Ramadan, the ninth month of the Islamic lunar calendar, is a month of fasting and religious focus for Muslims. Fasting is one of the five pillars of Islam where Muslims refrain from consuming food and drinks, including water, from early dawn to sunset. Fasting teaches self-control and self-discipline, purifies the mind and body, and allows one to empathize with the poor and hungry. Ramadan poses many oral health challenges and it’s important that those who fast take proper care of their teeth and gums.
Tips to maintain good oral health during Ramadan:
- Brush, floss, and use mouthwash after suhoor and iftar
- Drink at least 8 glasses of water after iftar because hydration allows the mouth to salivate which reduces the acidity and minimizes cariogenic bacterial activity
- Eat a decent amount of fruits and vegetables, as they are an excellent source of hydration
- Cut down on the number of cigarettes smoked since nicotine, the addictive chemical in tobacco, leads to periodontal disease, bad breath, and other harmful effects towards one’s general health (Ramadan is a great opportunity to quit smoking)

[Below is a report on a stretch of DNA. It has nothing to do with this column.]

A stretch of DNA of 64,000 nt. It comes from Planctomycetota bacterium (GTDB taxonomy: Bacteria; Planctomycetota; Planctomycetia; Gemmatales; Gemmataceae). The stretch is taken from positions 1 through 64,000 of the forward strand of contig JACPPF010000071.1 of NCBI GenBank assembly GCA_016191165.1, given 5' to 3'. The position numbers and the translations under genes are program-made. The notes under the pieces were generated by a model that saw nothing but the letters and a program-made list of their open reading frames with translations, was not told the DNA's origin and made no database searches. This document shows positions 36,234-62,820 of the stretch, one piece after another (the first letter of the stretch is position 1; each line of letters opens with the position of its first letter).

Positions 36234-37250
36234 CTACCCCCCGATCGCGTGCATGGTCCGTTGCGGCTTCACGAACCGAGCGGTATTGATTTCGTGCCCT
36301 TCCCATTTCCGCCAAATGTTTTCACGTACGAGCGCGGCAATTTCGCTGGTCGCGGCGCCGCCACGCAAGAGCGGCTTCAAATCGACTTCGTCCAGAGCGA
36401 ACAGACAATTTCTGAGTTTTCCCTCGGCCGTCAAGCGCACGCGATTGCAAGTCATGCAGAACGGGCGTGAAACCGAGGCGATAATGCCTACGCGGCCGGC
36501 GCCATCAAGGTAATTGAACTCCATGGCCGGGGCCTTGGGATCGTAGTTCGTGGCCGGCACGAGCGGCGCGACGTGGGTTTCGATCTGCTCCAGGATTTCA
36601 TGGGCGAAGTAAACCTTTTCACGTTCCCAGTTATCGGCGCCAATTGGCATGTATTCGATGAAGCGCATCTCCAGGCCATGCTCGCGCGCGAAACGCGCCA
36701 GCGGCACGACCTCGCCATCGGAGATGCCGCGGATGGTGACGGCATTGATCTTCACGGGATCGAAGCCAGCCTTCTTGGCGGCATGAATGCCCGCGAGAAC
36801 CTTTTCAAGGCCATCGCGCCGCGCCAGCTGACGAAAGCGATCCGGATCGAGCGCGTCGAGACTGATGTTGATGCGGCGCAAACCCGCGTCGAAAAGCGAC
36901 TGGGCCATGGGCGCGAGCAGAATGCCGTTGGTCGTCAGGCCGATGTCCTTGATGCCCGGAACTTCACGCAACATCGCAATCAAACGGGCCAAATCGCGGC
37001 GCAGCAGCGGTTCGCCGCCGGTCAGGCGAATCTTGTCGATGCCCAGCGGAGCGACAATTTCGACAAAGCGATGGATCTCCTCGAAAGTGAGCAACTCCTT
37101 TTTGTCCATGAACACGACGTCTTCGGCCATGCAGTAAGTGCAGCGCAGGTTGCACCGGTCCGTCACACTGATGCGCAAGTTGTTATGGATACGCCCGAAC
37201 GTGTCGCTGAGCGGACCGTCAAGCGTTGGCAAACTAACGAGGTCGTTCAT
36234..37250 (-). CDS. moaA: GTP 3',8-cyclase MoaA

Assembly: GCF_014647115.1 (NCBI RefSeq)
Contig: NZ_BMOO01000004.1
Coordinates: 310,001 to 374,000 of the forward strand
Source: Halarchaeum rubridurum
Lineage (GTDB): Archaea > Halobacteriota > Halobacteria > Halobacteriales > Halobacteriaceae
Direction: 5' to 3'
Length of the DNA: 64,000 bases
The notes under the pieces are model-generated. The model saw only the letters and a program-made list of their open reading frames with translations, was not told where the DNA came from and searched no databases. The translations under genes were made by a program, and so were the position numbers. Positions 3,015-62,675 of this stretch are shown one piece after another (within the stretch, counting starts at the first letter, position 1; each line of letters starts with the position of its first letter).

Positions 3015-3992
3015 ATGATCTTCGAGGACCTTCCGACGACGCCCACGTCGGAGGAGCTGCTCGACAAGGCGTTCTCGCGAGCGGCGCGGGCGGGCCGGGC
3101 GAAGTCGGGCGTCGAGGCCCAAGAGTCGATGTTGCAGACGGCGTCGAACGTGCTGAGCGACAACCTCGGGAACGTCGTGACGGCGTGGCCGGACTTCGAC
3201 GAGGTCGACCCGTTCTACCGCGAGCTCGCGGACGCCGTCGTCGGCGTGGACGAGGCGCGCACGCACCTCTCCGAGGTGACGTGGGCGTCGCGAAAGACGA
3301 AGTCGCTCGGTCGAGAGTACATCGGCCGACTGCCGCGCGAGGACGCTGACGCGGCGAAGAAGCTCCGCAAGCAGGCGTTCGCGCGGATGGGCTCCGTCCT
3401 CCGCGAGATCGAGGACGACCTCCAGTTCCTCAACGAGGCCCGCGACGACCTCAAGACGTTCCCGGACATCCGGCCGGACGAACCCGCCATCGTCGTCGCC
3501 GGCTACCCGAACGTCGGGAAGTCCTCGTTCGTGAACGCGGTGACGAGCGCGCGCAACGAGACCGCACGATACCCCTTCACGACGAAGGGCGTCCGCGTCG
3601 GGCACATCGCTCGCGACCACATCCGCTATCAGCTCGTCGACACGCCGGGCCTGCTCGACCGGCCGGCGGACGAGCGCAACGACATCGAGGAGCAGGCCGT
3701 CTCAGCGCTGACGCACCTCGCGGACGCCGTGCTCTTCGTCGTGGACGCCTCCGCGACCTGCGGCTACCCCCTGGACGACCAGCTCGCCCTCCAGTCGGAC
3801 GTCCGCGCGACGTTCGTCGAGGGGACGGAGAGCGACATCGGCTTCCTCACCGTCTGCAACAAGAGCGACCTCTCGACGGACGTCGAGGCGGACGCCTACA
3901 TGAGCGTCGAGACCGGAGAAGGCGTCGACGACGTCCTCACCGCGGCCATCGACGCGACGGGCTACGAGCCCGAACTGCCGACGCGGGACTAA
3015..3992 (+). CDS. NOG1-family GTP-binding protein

- Avoid sticky food such as candy since it increases mouth acidity and bacterial activity resulting in decay
- Use a tongue scraper because it eliminates anaerobic bacteria that stick to the posterior third of the tongue and are the main cause of bad breath
- Chewing mint leaves or parsley is a natural solution to refresh the mouth
Among people’s biggest concern is the fact that fasting causes bad breath, which is usually caused by dehydration, gum disease, tartar buildup, or leftover food in between teeth and on the tongue.
As noted in the British Dental Journal, fasting causes “an increase in the concentration of sulphur containing compounds present in the oral cavity with time when a patient is fasting causing a marked malodour, which may be misdiagnosed as being associated with poor oral hygiene or oral disease. The odour may reduce with debridement with dentifrice or when the individual breaks their fast.”